"[The border] became this site, an object, a metaphor even, where we misplaced very real economic insecurities and social anxieties," Jusionyte says. "So it is the wrong answer to very important questions about the conditions of our society."
Life and Death on the US-Mexico Border
December 21, 2017
As an ethnographer and an EMT, Harvard anthropologist Ieva Jusionyte has a front-line perspective on tensions at the politically fraught border between Mexico and the United States. Read more: https://epicenter.wcfia.harvard.edu/blog/life-and-death-us-mexico-border
Based on ethnographic research with firefighters trained as EMTs (emergency medical technicians) or paramedics in northern Sonora and southern Arizona, this article in Anthropology Today takes the vantage point of emergency responders on both sides of the US-Mexico border to trace the harmful effects of the security assemblage on those who inhabit and trespass this militarized landscape. Interested in the materiality of security – how its discursive and affective qualities are anchored in urban and desert terrain by means of infrastructure and technology – this article focuses on two such ‘anchors’, the wall and the wash, in order to address the legal and ethical issues that result from the deployment of tactical infrastructure on the border.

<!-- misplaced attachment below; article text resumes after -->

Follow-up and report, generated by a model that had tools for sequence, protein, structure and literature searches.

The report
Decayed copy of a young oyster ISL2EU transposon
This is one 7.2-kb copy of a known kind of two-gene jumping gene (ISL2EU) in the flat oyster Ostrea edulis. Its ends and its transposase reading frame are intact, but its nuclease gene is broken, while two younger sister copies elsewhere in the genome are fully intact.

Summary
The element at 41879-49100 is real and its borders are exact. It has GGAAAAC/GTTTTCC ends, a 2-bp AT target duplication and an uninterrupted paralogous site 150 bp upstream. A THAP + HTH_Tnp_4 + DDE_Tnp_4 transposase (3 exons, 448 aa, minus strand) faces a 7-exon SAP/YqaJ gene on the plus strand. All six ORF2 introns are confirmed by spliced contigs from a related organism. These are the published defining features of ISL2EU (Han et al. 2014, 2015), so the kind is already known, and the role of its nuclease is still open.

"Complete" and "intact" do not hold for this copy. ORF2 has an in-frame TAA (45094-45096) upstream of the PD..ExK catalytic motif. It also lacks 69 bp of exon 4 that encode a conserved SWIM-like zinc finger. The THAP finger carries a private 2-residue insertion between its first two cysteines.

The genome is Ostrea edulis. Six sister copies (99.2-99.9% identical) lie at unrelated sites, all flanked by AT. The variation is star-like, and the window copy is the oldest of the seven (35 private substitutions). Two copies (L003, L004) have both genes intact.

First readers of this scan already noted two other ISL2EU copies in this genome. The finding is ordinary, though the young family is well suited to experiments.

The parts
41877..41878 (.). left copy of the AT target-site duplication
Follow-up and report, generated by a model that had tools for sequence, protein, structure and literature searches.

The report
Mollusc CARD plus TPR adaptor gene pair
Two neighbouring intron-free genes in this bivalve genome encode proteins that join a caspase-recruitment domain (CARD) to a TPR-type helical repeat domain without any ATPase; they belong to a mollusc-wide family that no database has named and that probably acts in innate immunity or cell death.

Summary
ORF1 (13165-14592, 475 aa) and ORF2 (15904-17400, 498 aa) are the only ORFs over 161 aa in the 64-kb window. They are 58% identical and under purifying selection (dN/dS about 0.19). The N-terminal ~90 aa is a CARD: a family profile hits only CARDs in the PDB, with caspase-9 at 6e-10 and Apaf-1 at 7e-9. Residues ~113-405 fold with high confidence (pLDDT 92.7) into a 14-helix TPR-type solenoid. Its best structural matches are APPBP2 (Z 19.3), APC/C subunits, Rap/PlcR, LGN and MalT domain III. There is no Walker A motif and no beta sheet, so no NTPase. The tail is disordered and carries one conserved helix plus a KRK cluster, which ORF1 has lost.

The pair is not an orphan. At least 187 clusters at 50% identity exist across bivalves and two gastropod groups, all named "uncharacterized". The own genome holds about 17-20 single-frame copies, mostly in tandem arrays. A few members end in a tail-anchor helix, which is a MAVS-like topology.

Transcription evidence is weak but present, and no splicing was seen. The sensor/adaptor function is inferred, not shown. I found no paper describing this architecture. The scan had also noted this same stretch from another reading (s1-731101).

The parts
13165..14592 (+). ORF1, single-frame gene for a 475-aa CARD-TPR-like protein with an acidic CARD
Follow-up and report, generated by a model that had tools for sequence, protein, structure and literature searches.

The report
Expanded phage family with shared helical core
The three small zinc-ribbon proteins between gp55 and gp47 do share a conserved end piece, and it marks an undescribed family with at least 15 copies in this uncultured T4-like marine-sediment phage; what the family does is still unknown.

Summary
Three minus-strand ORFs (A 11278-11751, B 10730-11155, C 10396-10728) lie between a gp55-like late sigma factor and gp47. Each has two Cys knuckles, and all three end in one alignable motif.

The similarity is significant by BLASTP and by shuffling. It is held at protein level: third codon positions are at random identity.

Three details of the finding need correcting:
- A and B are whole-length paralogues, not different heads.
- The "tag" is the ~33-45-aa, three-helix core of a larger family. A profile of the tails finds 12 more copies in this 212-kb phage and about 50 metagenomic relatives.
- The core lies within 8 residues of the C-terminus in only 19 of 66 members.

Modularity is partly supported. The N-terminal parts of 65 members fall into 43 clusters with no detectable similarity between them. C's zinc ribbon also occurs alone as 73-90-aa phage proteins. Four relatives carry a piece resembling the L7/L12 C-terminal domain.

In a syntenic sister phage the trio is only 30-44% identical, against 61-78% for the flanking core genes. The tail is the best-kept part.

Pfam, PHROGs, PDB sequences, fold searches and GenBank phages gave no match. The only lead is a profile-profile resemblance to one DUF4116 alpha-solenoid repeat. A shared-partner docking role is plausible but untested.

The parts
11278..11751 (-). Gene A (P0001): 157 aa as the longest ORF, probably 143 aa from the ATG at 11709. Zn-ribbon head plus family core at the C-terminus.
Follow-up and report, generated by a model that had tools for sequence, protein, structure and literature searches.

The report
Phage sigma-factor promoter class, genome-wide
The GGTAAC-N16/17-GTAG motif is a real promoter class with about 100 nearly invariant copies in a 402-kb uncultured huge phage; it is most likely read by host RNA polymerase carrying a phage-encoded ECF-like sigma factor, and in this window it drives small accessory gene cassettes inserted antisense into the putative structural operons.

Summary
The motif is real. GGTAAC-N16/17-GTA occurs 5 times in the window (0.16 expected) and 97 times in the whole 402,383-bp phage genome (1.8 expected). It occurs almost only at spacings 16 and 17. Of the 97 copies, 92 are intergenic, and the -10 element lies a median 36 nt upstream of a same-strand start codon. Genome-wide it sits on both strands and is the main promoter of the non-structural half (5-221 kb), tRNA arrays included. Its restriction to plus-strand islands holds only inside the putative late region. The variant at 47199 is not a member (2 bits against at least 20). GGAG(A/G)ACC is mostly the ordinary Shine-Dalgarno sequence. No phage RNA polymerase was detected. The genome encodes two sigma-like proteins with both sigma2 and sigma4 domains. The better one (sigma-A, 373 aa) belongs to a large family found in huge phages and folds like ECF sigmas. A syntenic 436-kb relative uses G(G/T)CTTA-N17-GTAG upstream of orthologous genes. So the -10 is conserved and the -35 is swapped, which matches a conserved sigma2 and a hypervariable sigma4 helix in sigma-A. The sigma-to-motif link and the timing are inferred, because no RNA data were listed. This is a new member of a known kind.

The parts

Great video report on how the border between the U.S. and Mexico is a site of cooperation, not confrontation. Those interviewed include the fire chiefs of Douglas, Arizona, and Agua Prieta, Sonora, the mayors of Ambos Nogales, and other officials.
When Republican presidential candidates talk about the U.S.-Mexico border, they emphasize the need to strengthen security by building a bigger wall, arguing that these measures would seal the country and prevent the movement of illicit drugs and unwanted people. Gov. Doug Ducey’s recent announcement of a Border Drug Strike Force also focuses on combating traffickers. What proponents of border fortification fail to understand is that in emergencies, such as wildland fires and chemical spills, communities in the southern fringe of this country rely on receiving help from Mexico. Instead of planning how to separate the U.S. from Mexico, it is in the government’s best interest to pass legislation that facilitates binational cooperation. Continue reading: http://tucson.com/news/opinion/column/ieva-jusionyte-us-mexico-depend-on-each-other-in-emergencies/article_935d39dd-0577-5bc9-8b5d-0aa12b1c8b5b.html.